SF’s Vision Zero: intuitive, radical, and failed

By : sfgate – excerpt

Vision Zero, San Francisco’s declared goal of eliminating traffic deaths by 2024, has failed so far. 25 people, including 12 people walking and 3 biking, have been killed on our streets this year, compared to 24 by this point in 2014, when the goal was set.

Like many of the most powerful and attractive ideas, Vision Zero is radical but also deeply intuitive: Of course people shouldn’t die on our streets. It’s not just that they shouldn’t die—they don’t have to die. Sweden, where Vision Zero was created in 1997, has cut pedestrian deaths by half and now has a rate of traffic deaths less than one fourth that of the United States…(more)

This is not news. Ed Reiskin admitted this months ago. The US government has come up with studies showing that a huge uptick in deadly accidents are being blamed on apps. Convincing people to go back to defensive behavior might be a better approach. Everyone needs to look where they are going, not assume they are going to seen.

Geary bridge demolition meets resistance as bus speeding project moves forward

sfexaminer – excerpt

If The City were to tear down a pair of Geary Boulevard pedestrian bridges, it would be a loss for local children, seniors and the community.

That’s the opinion of a group of detractors led by Karen Kai, who sits on the advisory board to the Japanese Bilingual Bicultural Program Parent, Teacher and Community Council in Japantown.

The bridges allow walkers to safely cross Geary Boulevard’s eight lanes of traffic, but may be torn down under a plan to speed up Muni’s 38-Geary bus.

Kai volunteers at the nearby Rosa Parks Elementary school. The idea of children crossing Geary Boulevard without the bridge, she said, would be “scary.”

The Geary Bus Rapid Transit project, as it is called, is now moving forward with input from people in the community, like Kai, following a hotly contentious meeting Thursday at St. Mary’s Cathedral.

The San Francisco County Transportation Authority presented the project’s draft environmental impact report to about 200 community members. Some were business owners worried construction would create a dip in customers, others were residents worried for loss of parking… (more)

Gov. Brown gives green light to motorized skateboards

By Bill Hutchinson : sfgate – excerpt

Move over bicyclists, e-boarders now have the legal right to share your lanes.
Gov. Jerry Brown signed legislation reversing a 38-year-old state ban on electric motorized boards, giving riders of such mobility devices the same street cred as cyclists.
The legislation, signed by Brown on Sunday, will go into effect on Jan. 1.
But e-boarders aren’t shredding with joy just yet. The law gives municipalities the right accept all, part or none of the new rules.
“In places like Oakland where skateboards are banned on roads and many sidewalks, e-boards could also be banned,” said Ryan Price, campaigns director for the California Bicycle Coalition.
The law will give cities the choice to give operators the green light to roll on any “public bicycle path, sidewalk, or trail,” according to Assembly Bill 604, introduced by Assembly Republican Leader Kristin Olsen of Modesto… (more)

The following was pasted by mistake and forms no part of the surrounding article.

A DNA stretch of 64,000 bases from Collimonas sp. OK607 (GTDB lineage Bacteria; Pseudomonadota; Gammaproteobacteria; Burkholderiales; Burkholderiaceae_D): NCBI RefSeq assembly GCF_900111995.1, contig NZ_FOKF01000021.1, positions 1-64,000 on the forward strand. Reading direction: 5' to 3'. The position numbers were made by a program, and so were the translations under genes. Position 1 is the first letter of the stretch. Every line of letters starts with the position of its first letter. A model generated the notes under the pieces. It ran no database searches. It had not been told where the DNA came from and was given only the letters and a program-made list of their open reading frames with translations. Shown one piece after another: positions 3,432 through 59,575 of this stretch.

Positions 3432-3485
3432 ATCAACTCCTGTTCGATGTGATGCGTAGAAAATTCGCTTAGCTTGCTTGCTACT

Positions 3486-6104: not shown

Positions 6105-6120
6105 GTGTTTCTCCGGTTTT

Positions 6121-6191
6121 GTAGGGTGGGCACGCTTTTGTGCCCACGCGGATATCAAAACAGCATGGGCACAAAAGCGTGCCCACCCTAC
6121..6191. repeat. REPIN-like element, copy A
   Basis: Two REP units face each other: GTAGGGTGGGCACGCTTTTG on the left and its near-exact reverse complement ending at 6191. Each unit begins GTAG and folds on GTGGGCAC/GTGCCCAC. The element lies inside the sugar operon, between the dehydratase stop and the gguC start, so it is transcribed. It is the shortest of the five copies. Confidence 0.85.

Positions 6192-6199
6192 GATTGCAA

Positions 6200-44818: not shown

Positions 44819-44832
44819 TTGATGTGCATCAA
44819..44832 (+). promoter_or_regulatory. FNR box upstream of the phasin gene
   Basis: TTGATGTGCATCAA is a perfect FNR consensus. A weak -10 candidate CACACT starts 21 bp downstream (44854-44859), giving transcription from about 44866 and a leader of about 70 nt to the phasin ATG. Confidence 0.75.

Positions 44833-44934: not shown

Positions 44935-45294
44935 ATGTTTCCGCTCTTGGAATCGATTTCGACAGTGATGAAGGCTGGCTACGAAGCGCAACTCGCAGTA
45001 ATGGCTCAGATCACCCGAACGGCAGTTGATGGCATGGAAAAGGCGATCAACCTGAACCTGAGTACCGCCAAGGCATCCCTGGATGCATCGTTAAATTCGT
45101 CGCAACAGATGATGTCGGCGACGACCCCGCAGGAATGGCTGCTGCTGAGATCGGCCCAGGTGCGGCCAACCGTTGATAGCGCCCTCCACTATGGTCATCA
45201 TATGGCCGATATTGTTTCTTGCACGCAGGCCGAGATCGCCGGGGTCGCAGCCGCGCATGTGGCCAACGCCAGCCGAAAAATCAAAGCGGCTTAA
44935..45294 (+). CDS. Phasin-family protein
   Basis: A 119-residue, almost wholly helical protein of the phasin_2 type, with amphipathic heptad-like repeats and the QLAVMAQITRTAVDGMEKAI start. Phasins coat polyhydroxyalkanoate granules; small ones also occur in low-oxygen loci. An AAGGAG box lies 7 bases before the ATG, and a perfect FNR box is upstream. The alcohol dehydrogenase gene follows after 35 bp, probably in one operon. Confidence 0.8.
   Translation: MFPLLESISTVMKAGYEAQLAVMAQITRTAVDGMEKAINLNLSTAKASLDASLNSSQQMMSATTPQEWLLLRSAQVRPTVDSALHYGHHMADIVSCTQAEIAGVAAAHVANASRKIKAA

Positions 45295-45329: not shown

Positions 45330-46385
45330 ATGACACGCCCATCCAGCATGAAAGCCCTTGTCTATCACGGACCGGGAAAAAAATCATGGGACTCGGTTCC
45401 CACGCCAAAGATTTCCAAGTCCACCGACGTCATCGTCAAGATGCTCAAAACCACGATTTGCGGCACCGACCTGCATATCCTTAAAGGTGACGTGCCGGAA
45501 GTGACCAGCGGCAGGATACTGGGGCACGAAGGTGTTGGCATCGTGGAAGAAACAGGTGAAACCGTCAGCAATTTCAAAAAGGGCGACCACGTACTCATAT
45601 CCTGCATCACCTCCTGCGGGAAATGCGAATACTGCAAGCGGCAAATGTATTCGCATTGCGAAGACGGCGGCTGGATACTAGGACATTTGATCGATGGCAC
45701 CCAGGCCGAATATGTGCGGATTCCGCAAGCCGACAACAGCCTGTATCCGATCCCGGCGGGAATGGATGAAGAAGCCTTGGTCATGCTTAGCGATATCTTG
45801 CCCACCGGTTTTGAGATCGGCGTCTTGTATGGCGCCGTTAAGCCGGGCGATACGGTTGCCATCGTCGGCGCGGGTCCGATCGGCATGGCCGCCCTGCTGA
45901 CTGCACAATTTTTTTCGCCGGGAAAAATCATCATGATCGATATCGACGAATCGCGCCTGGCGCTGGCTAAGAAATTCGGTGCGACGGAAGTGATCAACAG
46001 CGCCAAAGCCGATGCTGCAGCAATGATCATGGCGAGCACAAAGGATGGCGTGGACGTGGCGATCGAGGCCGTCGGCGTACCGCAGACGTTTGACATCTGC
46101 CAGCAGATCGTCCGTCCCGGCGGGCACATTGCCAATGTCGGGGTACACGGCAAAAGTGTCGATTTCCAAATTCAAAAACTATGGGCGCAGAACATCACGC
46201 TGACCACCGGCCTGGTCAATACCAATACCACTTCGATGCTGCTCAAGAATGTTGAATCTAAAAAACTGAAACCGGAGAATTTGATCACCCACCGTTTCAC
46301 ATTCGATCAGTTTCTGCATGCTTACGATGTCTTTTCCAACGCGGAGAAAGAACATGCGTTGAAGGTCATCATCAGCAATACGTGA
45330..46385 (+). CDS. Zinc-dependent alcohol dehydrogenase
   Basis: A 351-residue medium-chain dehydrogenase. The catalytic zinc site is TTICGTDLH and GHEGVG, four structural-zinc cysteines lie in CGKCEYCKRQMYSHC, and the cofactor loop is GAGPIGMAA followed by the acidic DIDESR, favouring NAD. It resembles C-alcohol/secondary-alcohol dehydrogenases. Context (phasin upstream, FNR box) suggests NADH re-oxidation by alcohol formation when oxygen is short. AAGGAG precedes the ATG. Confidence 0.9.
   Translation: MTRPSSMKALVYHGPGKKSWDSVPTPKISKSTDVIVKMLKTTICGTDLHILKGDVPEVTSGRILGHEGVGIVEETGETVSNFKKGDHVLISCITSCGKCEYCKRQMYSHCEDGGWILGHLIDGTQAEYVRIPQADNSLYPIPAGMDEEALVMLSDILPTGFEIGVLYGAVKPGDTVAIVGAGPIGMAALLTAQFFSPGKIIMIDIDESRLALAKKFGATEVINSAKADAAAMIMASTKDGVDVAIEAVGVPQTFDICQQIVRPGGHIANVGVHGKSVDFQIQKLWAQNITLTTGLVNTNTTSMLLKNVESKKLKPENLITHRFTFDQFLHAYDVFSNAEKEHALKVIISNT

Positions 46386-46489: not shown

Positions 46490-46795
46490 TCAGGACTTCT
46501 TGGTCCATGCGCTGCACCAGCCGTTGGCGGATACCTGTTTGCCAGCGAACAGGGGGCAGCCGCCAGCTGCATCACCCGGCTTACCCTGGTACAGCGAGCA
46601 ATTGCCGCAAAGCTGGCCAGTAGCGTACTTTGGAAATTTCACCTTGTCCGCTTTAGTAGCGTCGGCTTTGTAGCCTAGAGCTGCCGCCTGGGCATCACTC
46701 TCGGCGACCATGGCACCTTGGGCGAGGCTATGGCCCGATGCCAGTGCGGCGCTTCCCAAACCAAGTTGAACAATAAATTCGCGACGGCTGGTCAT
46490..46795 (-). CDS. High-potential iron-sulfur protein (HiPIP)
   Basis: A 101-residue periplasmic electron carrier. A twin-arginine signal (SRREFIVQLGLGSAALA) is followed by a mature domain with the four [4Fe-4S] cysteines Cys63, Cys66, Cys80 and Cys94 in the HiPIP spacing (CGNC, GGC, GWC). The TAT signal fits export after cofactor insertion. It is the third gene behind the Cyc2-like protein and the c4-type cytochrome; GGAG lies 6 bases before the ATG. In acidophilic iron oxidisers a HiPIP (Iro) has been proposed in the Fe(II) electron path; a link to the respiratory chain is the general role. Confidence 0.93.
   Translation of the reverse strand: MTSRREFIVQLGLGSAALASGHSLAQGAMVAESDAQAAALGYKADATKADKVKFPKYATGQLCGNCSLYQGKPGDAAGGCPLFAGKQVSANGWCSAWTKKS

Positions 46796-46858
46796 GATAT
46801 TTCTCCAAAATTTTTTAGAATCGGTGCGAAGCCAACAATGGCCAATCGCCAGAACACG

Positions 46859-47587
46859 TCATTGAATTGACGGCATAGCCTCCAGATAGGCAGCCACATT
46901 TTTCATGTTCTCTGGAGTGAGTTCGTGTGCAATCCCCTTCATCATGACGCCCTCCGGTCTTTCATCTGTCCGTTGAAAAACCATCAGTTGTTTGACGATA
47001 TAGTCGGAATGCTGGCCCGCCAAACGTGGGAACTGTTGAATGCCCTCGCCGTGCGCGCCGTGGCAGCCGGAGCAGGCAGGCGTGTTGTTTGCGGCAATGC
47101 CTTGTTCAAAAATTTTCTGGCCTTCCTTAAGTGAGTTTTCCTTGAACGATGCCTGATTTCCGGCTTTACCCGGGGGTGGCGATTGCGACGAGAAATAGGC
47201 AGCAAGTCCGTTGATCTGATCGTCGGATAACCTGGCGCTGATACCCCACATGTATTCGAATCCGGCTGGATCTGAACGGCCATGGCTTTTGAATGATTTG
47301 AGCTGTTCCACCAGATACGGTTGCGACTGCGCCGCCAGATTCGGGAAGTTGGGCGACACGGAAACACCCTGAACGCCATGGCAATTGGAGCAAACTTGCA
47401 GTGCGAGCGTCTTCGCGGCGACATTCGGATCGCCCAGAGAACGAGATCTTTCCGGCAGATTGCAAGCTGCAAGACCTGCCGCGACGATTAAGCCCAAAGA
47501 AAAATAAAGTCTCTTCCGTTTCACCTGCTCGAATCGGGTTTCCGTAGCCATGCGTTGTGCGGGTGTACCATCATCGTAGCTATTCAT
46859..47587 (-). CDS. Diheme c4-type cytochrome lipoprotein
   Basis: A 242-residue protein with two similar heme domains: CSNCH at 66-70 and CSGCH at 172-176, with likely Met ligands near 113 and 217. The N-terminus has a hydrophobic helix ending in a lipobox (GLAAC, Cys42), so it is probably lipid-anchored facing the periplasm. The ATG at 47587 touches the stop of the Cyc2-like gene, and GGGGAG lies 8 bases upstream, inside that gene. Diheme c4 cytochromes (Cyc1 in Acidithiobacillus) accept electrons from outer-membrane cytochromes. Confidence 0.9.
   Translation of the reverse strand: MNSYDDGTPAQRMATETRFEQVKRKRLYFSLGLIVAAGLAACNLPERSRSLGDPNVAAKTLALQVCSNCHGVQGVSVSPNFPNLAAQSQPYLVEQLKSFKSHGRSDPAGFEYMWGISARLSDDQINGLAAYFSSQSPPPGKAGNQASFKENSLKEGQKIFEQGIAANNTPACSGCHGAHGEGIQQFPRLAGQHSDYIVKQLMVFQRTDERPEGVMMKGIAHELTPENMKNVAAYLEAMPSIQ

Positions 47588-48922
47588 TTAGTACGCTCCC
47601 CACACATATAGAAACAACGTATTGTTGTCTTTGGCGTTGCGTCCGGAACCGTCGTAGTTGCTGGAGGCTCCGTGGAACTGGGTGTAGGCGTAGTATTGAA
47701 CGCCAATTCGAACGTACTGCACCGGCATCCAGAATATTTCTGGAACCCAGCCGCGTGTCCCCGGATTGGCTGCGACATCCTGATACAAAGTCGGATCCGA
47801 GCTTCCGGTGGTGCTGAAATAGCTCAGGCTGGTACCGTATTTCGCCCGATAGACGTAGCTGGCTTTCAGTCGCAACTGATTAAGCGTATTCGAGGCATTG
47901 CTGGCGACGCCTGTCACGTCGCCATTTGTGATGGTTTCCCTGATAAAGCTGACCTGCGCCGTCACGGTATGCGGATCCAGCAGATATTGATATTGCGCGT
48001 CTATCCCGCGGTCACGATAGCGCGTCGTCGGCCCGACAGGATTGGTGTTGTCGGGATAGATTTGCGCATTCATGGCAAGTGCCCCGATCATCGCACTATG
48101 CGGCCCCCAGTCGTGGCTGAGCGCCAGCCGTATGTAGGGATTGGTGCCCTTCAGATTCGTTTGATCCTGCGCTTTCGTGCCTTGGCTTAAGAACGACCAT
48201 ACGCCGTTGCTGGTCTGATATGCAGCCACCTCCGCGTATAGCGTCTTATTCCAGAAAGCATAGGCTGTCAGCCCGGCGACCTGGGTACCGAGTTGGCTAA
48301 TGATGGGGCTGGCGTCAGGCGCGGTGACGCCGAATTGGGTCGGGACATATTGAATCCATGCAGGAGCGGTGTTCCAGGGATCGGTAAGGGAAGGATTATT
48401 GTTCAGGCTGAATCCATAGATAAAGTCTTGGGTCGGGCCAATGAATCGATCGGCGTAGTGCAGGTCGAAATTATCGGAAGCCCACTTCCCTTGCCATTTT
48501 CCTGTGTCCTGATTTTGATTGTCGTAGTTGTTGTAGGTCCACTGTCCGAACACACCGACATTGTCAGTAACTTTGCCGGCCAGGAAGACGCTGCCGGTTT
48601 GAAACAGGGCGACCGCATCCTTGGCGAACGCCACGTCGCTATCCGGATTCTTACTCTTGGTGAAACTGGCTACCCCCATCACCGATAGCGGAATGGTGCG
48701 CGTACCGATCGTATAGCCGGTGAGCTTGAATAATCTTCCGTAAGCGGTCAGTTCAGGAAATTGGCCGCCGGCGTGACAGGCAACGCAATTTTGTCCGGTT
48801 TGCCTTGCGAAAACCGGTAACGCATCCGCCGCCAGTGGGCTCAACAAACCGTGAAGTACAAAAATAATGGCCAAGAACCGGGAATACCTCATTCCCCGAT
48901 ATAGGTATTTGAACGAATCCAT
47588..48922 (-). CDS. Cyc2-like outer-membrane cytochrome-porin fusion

The cables used by ‘cable cars’ are fraying, prompting car ban on Powell

By Joe Fitzgerald Rodriguez : sfexaminer – excerpt

More than 55,000 feet of taut steel cables run underneath San Francisco.

That constant stream of woven metal puts the word “cable” in cable cars. Now, those cables are fraying more often than ever before.

The San Francisco Municipal Transportation Agency is moving fast to fix the problem. Its solution is to ban private autos on Powell Street, where the cable cars run.

“We’re doing this because of safety,” said Ed Cobean, senior operations manager of SFMTA’s cable car division.

The plan is called the Powell Street Safety & Improvement Pilot. If passed by the SFMTA Board of Directors on Nov. 3, by Thanksgiving private autos would be banned on Powell between Ellis and Geary for a year and a half.

The linkage between traffic and frayed cables is complex… (more)

North Beach Meeting on Sidewalk Bulbs Gets Tense; SFMTA to Paint Demos

by Aaron Bialick : sf.streetsblog – excerpt

A public meeting in North Beach became tense yesterday as residents and firefighters opposed to basic street safety measures continued to assert that sidewalk bulb-outs are dangerous. To appease skeptics, the SFMTA announced that the bulb-outs planned at four intersections on Columbus Avenue will be tested first by installing painted “safety zones” in August. Construction of concrete versions will begin next year…

The bulb-outs “being proposed for Columbus Avenue are not that scary,” said D3 Supervisor Julie Christensen, who told attendees she convinced the SFMTA to implement the painted versions as a trial. “We’ve been looking at all these really carefully… modifications were made, and what we’ve got now is kind of a river stone that’s been smoothed over by all kinds of forces.”…

It was the second recent meeting about bulb-outs held by North Beach Neighbors. At the first meeting on April 30, Hoodline reported, members of SF Fire Fighters Union Local 798 protested life-saving curb extensions claiming they hinder fire trucks. Since that meeting, the union’s president also sent a letter [PDF] to SFFD Chief Johanne Hayes-White calling the department’s approvals of bulb-outs “very troubling.”…